Introduction: The prognosis of patients treated with surgery for localized renal cell carcinoma (RCC) is associated with multiple factors, which has led to the development of prognostic models to predict progression-free survival (PFS) and cancer-specific survival (CSS). The AUA guidelines recently introduced a new risk group stratification system based on tumor stage and grade to guide surveillance after surgery. We sought to evaluate the new AUA risk groups using PFS and CSS at the suggested follow-up intervals and then compare its performance to that of our published institutional risk models.
Methods: We queried our Nephrectomy Registry to identify adults treated with radical or partial nephrectomy for unilateral, M0, clear cell RCC or papillary RCC from 1980–2012. Chromophobe RCC was excluded because the AUA risk groups rely on tumor grade but the WHO/ISUP does not endorse grading this subtype. PFS and CSS were estimated using the Kaplan-Meier method. Predictive abilities were evaluated using c-indexes from Cox proportional hazards regression models.
Results: 3,191 patients with clear cell RCC and 633 patients with papillary RCC were included with a median follow-up of 144 and 118 months, respectively. PFS rates by AUA risk group for patients with clear cell RCC and papillary RCC are summarized in Table 1 and (for clear cell RCC) Figure 1. For patients with clear cell RCC, c-indexes for the AUA risk groups and our model were 0.780 and 0.815, respectively (p < 0.001) for PFS, and 0.811 and 0.857, respectively (p < 0.001), for CSS. For patients with papillary RCC, c-indexes for the AUA risk groups and our model were 0.775 and 0.751, respectively (p=0.002) for PFS, and 0.830 and 0.803, respectively (p=0.2) for CSS.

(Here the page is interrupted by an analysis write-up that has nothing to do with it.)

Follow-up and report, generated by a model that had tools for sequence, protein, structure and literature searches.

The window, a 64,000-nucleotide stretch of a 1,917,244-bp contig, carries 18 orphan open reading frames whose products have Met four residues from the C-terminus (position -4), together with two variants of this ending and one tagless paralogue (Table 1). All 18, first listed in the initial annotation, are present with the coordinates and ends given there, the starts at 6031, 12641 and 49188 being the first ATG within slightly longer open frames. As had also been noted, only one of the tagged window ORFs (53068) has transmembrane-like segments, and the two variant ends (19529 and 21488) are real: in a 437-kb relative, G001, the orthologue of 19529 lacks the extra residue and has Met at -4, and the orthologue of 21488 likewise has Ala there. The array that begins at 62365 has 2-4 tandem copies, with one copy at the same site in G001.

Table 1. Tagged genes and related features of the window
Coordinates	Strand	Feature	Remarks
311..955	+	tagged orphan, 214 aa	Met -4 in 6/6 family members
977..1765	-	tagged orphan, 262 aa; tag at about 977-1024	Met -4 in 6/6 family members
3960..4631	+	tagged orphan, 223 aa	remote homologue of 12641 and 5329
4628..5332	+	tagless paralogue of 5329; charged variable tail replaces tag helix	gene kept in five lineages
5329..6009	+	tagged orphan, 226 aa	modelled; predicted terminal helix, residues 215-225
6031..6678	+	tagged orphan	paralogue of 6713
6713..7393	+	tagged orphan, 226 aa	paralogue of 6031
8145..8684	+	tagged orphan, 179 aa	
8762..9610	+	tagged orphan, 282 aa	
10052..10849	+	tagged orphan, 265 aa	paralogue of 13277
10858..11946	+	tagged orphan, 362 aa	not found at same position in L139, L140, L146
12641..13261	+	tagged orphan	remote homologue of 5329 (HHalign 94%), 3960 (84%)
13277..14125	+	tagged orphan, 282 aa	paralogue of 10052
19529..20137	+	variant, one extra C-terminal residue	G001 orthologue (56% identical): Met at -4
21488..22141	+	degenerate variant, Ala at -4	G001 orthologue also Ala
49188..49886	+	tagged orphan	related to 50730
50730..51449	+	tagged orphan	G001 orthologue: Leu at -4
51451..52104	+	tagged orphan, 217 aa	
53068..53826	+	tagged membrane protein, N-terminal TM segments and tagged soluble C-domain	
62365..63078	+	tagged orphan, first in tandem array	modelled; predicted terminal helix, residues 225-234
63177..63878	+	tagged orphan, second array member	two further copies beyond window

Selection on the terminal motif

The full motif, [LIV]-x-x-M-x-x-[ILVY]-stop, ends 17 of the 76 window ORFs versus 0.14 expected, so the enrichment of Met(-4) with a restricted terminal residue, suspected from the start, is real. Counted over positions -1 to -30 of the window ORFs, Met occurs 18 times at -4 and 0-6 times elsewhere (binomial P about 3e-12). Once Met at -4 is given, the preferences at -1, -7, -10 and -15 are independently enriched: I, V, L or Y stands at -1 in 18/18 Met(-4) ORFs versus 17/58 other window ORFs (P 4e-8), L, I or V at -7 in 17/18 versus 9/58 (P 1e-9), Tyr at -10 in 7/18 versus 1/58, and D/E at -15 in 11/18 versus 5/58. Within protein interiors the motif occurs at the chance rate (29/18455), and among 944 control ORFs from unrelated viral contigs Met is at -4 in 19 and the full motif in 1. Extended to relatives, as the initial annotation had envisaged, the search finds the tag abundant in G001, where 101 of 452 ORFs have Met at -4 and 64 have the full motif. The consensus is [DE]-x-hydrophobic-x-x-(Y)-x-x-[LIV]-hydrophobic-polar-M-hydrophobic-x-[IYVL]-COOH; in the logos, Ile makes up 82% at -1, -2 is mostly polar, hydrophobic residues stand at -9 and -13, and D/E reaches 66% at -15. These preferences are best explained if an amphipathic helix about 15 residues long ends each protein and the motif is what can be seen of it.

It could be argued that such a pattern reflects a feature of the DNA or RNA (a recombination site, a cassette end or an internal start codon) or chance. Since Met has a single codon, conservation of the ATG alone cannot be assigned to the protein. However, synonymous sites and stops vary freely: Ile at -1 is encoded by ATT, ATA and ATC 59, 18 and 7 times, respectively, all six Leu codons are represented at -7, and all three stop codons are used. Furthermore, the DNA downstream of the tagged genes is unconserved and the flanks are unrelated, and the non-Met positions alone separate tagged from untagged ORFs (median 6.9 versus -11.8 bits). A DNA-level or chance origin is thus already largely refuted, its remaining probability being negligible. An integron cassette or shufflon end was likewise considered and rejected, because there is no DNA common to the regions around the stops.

Conclusions: The new AUA risk stratification system has robust c-indexes for PFS and CSS in patients with clear cell RCC and papillary RCC after surgery for localized RCC. A limitation of the AUA risk stratification system is that it does not apply to chromophobe RCC as it relies on tumor grade, yet the WHO/ISUP does not currently endorse grading chromophobe RCC.